This weekend’s conference will confront the issue of “The Supremacy of Christ in a Postmodern World.” David Wells, Professor of Historical Theology at Gordon-Conwell Theological Seminary, will set the stage for us on the theme, The Supremacy of Christ in a Postmodern World. Don Carson, Professor of New Testament at Trinity Evangelical Divinity School, will speak on “The Supremacy of Christ and Love in a Postmodern World.” Tim Keller, Senior Pastor at Redeemer Presbyterian Church in New York City, will address “The Supremacy of Christ and the Gospel in a Postmodern World.” Mark Driscoll, the Lead Pastor of Mars Hill Church in Seattle, will aim at the topic “The Supremacy of Christ and the Church in a Postmodern World.” Voddie Baucham, the founder and leader of Voddie Baucham Ministries in Texas, will tackle the theme “The Supremacy of Christ and Truth in a Postmodern World.” John Piper’s address will focus on “The Supremacy of Christ and Joy in a Postmodern World.”

John Piper writes, “We would like to worship this Christ with you. That is what we plan to do: speak, think, pray, and worship the supreme Christ.” I hope you’ll check in over the course of the weekend, which lasts from Friday evening until Sunday afternoon, to read updates from the conference. I am travelling with a laptop and a camera and hope to bring updates both textual and visual, that will provide a sense of what is being said, what is being done, and who is here to enjoy the conference.

I also covet your prayers. I get occasional emails from others who have liveblogged conferences and they always write, “I can’t believe how hard it is!” And they are right! It is a difficult task and one that always makes me nervous (and even more so when having to attempt to encapsulate what is said by a guy as brilliant as David Wells). I’d be grateful if you would pray for wisdom and ability for me as I try to accurately relay what happens in the conference.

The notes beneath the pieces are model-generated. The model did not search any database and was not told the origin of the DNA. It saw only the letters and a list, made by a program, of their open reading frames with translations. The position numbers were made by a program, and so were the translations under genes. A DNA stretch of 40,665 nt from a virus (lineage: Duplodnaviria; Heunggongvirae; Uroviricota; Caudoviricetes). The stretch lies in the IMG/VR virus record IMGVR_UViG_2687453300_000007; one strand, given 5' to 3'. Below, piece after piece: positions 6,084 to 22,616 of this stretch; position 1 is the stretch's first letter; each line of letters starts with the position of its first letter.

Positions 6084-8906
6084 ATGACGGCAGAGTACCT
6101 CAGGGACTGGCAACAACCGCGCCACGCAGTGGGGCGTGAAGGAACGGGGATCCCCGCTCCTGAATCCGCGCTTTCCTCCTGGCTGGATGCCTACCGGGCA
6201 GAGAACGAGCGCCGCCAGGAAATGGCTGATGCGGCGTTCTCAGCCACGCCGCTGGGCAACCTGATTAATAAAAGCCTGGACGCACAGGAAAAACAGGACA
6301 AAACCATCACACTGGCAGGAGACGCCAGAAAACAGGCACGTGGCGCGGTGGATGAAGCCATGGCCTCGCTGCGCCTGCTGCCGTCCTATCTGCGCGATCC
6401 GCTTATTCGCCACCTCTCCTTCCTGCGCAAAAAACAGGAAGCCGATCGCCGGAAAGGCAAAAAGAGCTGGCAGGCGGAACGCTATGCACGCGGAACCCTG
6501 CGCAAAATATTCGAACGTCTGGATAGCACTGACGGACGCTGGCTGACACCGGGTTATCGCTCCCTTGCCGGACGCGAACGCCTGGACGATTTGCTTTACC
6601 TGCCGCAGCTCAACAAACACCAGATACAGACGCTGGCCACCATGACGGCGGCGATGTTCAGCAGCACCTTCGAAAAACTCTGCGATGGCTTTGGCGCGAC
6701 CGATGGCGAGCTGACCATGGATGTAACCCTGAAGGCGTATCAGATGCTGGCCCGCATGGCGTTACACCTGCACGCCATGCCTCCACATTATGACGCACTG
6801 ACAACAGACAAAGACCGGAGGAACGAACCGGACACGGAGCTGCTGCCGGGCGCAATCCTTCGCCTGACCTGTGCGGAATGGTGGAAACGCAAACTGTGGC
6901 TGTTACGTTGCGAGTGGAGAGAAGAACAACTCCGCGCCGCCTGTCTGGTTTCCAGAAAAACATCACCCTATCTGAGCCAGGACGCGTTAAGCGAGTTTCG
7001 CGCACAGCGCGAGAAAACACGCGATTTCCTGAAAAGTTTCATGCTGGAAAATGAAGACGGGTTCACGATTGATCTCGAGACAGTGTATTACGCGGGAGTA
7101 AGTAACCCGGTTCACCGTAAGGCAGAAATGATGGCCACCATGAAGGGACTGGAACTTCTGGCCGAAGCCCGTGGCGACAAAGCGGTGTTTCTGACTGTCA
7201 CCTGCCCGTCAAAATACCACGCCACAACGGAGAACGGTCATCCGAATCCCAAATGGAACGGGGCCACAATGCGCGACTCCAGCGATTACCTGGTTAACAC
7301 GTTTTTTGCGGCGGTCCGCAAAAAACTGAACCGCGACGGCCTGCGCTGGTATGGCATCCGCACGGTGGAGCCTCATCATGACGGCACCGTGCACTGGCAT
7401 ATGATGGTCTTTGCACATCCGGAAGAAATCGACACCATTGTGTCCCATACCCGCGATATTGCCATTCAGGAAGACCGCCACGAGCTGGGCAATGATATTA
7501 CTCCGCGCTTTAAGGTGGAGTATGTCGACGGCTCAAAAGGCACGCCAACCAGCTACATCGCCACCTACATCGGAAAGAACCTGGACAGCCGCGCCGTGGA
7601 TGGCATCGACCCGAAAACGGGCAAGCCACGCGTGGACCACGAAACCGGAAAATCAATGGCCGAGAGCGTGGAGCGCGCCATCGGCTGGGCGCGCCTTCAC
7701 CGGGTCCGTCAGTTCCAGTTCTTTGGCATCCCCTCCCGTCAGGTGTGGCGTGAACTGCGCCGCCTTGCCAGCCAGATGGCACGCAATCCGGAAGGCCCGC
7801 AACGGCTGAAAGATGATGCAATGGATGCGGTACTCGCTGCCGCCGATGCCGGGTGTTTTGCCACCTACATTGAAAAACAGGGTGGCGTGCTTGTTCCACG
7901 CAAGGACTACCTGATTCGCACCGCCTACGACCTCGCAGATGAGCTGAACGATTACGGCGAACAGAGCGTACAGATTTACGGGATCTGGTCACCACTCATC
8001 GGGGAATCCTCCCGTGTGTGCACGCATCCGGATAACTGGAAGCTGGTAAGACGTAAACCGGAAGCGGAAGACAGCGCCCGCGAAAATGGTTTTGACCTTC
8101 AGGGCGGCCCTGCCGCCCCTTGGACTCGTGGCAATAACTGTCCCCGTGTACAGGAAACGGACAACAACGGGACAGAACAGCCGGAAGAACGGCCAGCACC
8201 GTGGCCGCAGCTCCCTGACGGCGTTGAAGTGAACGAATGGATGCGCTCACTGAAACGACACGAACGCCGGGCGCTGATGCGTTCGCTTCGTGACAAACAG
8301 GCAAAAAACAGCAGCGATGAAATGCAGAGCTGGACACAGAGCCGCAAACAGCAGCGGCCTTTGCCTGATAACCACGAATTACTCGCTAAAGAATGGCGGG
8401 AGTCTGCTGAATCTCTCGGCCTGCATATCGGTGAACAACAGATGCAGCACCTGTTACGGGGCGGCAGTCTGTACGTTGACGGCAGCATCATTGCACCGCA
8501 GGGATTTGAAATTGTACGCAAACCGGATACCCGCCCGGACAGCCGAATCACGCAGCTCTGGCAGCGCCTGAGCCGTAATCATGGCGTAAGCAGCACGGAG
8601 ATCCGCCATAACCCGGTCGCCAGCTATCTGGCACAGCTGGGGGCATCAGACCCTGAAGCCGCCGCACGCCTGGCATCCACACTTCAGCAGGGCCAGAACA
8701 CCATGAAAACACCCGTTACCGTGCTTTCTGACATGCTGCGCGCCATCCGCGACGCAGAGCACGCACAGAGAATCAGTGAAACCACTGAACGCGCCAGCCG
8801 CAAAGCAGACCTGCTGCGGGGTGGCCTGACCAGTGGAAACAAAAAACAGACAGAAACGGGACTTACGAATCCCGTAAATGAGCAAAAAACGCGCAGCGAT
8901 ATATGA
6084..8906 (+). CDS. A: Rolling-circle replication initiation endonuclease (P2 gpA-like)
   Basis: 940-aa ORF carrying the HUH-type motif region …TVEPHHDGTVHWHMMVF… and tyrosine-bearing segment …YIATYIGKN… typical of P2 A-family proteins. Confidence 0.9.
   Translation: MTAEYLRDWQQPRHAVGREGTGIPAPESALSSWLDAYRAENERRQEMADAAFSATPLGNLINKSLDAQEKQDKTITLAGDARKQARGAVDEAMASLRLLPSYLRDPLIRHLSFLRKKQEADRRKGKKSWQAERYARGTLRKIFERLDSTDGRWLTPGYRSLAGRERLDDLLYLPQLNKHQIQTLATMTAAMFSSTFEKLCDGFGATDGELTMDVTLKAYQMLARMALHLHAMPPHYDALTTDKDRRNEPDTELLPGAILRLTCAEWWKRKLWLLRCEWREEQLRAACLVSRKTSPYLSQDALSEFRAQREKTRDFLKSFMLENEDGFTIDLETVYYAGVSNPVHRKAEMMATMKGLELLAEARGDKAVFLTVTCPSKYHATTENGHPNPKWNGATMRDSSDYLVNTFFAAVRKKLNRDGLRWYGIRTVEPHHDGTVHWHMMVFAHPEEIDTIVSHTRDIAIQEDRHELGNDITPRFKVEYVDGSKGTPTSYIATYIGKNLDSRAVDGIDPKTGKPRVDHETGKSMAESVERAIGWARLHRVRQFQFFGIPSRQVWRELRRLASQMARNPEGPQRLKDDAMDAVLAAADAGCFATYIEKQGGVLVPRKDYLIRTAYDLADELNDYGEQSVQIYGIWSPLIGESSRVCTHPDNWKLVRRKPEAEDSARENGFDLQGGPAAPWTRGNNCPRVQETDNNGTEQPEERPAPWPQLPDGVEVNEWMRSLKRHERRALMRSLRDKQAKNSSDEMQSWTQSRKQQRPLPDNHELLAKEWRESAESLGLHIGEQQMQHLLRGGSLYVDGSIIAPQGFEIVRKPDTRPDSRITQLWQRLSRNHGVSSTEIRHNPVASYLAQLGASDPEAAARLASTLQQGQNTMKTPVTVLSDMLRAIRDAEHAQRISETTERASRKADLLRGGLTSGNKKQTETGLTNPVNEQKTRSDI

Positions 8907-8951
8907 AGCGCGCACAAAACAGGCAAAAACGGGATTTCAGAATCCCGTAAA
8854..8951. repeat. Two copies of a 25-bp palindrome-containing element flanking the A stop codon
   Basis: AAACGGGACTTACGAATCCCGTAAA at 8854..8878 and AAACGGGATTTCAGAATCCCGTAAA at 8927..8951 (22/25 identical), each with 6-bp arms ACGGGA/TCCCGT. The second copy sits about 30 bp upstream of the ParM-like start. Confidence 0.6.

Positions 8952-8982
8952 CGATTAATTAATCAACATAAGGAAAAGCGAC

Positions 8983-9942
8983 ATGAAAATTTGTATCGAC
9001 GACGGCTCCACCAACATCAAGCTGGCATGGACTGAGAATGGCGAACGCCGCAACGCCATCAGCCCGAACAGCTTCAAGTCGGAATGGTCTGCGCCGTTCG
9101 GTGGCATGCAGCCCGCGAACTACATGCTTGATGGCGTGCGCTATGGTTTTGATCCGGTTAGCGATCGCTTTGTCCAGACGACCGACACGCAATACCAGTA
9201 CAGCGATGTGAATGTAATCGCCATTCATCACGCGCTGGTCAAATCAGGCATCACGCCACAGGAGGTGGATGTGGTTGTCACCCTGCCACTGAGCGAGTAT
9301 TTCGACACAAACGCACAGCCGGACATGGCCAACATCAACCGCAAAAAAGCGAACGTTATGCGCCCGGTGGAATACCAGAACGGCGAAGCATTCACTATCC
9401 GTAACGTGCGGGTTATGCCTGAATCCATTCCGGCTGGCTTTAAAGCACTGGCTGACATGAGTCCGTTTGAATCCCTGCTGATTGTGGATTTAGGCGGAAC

I should have my first update later this evening.

September 28, 2006

A couple of days ago I responded briefly to an article that appeared in Scientific American (link). I did not attempt a thorough defense of creationism that would convince a person who was committed to evolutionism. I sought primarily to show that the argumentation used was, at best, high school level, and that the arguments were easily answered. This article, though, triggered other thoughts and I wanted to discuss something I’ve written about before: the fact that naturalism is a religion all its own. As a long-time Christian - one who never experienced adulthood without knowing God and who had the privilege of being raised in a Christian home - it is often difficult to understand what people raised with a secular mindset think and believe and why they think and believe those things. Said tersely, it has proven difficult to truly understand the postmodern mindset. Through my studies, however, I have made some observations that I believe accurately represent this mindset. It is to one of those that I wish to turn today.